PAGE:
Kyle Williams' Arizona State University football teammates have a nickname for him: Doc. "Whenever they have recruits come in they say, 'You know this guy's going to be a surgeon?'" Kyle, a wide receiver for the Sun Devils, tells NCAA.com. "I'm like, 'Man, stop jinxing me.'"
A career in medicine may seem like a Hail Mary pass (or catch) for a collegiate wide receiver with his sights set on the NFL. But for Kyle, a senior majoring in biomedical engineering, it's a serious backup plan that he began to develop after a shoulder injury his freshman year. While the injury "slowed him," it also turned out to be "a blessing in disguise," according to AZ Central. That's because it connected Kyle to Anikar Chhabra, M.D., the Sun Devils' team physician and an orthopedic surgeon at Mayo Clinic's Arizona campus. And now Dr. Chhabra — a former college athlete himself (he played basketball at Harvard) — has become a mentor to Kyle.
"Most players just want to know when they're going to be back on the field playing again," Dr. Chhabra says. That wasn't the case with Kyle, who'd long had an interest in math and science. "Kyle wanted to know about the anatomy of the shoulder, what was involved in the healing process, what he could do so that it wouldn't happen again."
And Kyle's questions didn't end there. At the end of the season, he asked Dr. Chhabra for a play-by-play look at the life of a doctor. Dr. Chhabra agreed to show him, and Kyle was immediately hooked. After the first day "I went back and called my parents and my brother and said, 'I think I want to be a surgeon, Mom,'" he tells NCAA.com. "It's awesome what they do in helping people with their lives."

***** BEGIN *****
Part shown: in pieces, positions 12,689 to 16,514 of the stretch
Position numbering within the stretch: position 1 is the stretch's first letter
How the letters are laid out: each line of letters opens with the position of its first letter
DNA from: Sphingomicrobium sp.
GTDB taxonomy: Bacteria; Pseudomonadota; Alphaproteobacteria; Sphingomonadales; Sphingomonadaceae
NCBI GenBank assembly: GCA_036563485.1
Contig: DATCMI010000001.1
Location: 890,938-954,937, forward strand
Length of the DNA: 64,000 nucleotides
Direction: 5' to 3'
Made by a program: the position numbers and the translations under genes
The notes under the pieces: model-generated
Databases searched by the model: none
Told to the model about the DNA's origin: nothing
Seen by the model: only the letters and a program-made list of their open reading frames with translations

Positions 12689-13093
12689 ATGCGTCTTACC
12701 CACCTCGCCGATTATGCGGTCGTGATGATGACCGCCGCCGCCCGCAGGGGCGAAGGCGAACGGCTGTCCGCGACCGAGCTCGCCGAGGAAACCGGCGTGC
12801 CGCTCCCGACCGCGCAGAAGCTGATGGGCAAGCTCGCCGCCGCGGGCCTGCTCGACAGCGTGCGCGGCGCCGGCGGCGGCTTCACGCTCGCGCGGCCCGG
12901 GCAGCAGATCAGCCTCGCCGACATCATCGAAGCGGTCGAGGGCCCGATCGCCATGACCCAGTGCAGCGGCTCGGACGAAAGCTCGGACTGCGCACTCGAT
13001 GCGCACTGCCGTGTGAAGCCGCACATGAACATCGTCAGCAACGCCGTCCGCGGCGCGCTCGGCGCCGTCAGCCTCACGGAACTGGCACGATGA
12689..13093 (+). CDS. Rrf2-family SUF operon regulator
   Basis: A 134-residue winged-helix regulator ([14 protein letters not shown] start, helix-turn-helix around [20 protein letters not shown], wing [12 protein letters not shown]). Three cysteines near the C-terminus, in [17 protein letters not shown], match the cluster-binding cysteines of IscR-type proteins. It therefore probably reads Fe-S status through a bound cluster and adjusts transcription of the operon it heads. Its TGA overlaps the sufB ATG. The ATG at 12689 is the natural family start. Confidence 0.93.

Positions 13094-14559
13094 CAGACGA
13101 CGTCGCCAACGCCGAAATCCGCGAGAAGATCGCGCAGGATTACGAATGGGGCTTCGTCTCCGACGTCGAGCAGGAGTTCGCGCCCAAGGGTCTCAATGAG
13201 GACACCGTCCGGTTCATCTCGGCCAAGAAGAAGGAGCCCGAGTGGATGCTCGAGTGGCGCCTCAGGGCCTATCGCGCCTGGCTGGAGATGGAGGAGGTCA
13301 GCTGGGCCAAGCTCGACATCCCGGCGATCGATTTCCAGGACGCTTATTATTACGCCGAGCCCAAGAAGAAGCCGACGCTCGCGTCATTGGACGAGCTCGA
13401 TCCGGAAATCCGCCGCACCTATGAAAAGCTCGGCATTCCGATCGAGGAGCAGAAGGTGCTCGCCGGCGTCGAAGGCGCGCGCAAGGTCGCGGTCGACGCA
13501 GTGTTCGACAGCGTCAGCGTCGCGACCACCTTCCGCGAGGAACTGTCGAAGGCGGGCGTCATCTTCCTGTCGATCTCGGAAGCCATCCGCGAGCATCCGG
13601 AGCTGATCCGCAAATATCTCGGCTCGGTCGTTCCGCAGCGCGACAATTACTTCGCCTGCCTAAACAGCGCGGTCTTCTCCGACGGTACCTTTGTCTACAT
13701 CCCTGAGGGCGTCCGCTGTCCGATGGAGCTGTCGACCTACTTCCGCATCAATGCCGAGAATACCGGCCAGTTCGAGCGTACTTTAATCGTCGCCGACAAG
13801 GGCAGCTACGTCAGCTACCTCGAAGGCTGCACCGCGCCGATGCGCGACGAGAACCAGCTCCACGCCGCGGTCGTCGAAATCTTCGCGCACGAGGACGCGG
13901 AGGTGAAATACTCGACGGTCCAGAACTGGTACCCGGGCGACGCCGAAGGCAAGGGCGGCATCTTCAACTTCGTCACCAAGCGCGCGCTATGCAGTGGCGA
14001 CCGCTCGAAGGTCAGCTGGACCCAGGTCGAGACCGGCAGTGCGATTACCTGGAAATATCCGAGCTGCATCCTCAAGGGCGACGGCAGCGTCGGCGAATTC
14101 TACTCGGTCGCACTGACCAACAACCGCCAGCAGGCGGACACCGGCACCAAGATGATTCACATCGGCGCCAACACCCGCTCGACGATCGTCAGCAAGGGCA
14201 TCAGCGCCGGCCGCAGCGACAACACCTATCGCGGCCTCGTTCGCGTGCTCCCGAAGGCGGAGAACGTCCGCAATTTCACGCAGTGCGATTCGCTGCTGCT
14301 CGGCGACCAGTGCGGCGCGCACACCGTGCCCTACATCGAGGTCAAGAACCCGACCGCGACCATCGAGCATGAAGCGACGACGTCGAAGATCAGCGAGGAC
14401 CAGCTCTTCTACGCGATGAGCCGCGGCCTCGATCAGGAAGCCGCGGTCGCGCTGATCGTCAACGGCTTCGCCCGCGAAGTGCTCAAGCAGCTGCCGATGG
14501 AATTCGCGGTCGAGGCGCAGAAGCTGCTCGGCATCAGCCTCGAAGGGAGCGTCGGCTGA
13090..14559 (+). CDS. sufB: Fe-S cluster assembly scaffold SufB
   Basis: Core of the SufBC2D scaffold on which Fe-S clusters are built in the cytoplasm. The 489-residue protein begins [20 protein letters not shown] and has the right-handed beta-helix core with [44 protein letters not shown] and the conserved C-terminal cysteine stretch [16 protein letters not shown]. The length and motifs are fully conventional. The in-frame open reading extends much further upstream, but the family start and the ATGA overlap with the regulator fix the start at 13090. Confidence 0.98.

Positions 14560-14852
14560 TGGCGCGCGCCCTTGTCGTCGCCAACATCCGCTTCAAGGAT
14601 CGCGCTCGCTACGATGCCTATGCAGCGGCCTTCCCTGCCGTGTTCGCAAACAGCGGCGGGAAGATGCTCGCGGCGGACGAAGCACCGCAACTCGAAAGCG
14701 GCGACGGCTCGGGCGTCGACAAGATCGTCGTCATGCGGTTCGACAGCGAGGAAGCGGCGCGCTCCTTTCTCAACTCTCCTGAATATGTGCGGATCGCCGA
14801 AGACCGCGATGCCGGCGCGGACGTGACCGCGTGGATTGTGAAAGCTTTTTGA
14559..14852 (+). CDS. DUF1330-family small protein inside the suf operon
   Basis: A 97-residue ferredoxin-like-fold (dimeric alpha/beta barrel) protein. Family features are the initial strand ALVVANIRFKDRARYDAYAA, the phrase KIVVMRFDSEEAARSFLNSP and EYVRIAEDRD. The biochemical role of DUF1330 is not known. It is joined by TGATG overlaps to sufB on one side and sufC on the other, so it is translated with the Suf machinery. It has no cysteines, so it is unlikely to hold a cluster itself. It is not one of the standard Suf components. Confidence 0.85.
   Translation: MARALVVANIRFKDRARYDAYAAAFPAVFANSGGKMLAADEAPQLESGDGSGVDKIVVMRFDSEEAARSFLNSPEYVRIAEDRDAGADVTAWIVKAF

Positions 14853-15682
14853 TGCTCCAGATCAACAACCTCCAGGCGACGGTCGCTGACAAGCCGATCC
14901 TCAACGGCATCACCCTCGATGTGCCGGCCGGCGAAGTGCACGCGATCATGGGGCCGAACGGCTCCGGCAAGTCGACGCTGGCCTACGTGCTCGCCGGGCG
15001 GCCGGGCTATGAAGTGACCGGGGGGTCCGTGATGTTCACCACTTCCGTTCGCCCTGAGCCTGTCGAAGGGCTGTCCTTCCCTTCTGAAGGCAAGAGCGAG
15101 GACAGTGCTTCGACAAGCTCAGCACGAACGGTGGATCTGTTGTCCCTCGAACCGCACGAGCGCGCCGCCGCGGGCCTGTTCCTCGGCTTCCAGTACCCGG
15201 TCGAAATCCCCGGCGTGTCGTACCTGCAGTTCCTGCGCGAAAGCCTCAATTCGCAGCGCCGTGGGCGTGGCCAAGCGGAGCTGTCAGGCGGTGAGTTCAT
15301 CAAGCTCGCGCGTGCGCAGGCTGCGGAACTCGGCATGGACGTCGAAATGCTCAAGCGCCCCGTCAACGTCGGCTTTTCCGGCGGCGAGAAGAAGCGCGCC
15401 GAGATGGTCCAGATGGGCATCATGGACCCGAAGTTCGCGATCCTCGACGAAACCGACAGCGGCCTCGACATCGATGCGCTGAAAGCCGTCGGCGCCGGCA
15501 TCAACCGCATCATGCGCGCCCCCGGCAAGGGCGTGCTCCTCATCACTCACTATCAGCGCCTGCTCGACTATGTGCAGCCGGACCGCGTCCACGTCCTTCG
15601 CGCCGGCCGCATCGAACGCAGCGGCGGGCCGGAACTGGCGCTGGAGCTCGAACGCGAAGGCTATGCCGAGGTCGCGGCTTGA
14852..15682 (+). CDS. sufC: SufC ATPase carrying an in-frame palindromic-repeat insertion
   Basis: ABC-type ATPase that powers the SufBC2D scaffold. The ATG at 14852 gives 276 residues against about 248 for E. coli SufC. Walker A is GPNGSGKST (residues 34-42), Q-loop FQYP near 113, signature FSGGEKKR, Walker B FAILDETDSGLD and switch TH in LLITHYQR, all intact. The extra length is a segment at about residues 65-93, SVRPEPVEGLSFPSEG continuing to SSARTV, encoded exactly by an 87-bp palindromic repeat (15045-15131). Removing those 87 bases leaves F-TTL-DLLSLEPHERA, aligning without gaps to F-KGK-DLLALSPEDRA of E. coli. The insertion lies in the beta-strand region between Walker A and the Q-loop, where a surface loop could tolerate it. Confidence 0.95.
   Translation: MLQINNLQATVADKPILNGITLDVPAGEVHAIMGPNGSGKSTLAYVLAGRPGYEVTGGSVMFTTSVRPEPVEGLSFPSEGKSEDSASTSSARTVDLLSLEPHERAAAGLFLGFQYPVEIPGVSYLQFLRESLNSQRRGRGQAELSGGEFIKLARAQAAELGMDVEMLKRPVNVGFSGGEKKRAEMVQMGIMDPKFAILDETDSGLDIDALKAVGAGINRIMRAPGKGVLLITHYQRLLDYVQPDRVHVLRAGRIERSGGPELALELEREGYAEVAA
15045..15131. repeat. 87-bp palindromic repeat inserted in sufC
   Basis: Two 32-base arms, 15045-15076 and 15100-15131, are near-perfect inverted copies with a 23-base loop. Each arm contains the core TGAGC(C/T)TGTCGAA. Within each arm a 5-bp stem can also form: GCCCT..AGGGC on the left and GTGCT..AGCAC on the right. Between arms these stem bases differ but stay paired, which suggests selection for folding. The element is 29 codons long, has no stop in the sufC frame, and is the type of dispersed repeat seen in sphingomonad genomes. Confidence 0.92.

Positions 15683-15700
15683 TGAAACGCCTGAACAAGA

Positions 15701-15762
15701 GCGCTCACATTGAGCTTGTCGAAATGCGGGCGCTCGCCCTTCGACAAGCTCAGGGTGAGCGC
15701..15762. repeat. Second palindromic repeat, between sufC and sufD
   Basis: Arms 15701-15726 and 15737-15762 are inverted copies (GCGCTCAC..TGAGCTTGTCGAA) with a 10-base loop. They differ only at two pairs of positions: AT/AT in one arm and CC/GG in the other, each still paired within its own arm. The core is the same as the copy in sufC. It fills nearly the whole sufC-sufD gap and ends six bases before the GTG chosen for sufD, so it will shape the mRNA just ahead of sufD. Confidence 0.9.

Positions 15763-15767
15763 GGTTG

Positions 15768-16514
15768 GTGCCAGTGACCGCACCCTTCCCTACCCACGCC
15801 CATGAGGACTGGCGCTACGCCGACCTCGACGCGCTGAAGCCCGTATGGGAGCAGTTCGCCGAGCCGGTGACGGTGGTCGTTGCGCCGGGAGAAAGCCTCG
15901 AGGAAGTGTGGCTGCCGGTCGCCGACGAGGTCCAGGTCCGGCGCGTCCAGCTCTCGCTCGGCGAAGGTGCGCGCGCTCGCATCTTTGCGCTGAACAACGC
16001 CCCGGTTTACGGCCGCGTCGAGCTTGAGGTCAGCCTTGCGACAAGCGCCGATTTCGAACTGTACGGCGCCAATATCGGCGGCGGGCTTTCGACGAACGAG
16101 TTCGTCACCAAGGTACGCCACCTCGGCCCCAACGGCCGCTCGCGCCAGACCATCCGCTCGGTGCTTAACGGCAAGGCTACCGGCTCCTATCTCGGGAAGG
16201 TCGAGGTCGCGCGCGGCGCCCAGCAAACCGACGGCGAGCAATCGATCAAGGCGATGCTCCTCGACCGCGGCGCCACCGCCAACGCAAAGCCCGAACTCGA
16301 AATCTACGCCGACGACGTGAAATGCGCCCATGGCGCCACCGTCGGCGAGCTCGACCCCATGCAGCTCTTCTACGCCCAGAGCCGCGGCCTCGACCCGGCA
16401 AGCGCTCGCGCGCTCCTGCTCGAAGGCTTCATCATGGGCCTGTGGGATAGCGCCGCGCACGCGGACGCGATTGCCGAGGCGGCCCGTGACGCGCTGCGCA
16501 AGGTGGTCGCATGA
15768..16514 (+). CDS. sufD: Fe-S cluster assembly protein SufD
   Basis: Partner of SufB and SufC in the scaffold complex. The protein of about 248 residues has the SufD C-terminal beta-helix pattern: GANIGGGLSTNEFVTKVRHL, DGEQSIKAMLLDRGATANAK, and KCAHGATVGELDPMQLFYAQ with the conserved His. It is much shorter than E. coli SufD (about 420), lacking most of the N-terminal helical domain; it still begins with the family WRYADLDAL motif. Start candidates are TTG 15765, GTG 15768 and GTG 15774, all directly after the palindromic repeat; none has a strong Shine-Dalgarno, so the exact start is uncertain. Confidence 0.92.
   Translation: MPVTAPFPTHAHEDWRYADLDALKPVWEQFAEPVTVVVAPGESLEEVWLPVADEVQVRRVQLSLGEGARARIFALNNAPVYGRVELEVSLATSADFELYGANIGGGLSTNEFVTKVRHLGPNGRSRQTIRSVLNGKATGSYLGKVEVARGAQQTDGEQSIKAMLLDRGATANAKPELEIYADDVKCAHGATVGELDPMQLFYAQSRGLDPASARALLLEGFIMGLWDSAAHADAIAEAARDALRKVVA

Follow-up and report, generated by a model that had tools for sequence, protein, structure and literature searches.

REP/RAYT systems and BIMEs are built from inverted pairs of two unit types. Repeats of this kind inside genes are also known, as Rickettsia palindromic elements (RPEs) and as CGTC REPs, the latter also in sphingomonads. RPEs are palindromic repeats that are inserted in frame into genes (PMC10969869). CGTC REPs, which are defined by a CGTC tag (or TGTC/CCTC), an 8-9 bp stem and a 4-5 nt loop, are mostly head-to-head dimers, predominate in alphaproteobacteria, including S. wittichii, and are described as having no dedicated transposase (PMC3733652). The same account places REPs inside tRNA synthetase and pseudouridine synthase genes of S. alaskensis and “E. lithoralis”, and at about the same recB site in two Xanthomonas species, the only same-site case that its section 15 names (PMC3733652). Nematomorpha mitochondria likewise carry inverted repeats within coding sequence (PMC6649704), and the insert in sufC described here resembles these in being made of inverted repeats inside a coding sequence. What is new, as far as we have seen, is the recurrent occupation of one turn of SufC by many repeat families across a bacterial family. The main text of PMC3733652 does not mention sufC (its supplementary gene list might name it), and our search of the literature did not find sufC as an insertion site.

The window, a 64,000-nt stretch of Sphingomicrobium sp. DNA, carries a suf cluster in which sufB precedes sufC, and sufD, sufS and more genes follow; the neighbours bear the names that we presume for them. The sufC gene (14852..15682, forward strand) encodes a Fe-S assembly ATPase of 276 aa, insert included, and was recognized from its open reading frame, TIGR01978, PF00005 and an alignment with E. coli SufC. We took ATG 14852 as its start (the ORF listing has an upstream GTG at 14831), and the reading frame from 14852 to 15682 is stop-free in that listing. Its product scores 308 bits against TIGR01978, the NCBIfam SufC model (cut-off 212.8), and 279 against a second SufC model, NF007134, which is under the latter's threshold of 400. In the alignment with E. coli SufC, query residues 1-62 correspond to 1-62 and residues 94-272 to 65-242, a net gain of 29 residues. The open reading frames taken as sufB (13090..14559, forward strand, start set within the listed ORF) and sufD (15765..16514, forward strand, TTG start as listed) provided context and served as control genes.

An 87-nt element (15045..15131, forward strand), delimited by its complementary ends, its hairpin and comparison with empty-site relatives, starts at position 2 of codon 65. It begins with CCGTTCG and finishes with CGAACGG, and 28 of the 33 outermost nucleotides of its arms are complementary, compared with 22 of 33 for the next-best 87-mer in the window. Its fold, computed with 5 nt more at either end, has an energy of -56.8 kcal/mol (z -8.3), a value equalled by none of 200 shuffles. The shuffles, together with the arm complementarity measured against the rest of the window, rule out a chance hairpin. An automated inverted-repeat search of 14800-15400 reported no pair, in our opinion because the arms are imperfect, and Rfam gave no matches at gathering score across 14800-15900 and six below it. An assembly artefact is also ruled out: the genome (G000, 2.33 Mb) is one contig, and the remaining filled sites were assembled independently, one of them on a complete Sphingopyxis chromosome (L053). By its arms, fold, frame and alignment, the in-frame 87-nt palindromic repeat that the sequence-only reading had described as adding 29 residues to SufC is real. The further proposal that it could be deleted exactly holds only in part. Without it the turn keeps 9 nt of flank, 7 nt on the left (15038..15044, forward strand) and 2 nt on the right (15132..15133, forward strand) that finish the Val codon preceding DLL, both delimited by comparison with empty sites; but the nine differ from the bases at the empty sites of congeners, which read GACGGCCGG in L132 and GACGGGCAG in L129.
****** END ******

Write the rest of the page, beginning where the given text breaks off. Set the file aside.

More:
Kyle also appreciated that surgery, like football, is a team sport. "Not everybody can see that connection," Dr. Chhabra says. "He was able to see that right away. His first day in the operating room he said, 'This is your game day.'"
Over the past two years, Kyle has observed many more of those game days. He's also accompanied Dr. Chhabra on patient rounds and helped conduct research as a research intern. He even "wrote a chapter on a new arthroscopic procedure for a soon-to-be-published textbook," AZ Central reports. All while continuing his studies and making his mark on the football field. Kyle is "probably our best all-around receiver," wide receivers coach Charlie Fisher tells the publication. "On top of everything else he's just great to be around. He's always positive and encourages the other players. He's the model citizen and the epitome of what you want in a student-athlete."
Or, in a physician. "Everyone loves him — the patients, the staff," Dr. Chhabra says. "I have no doubt he will do great things in life when he is done with football."
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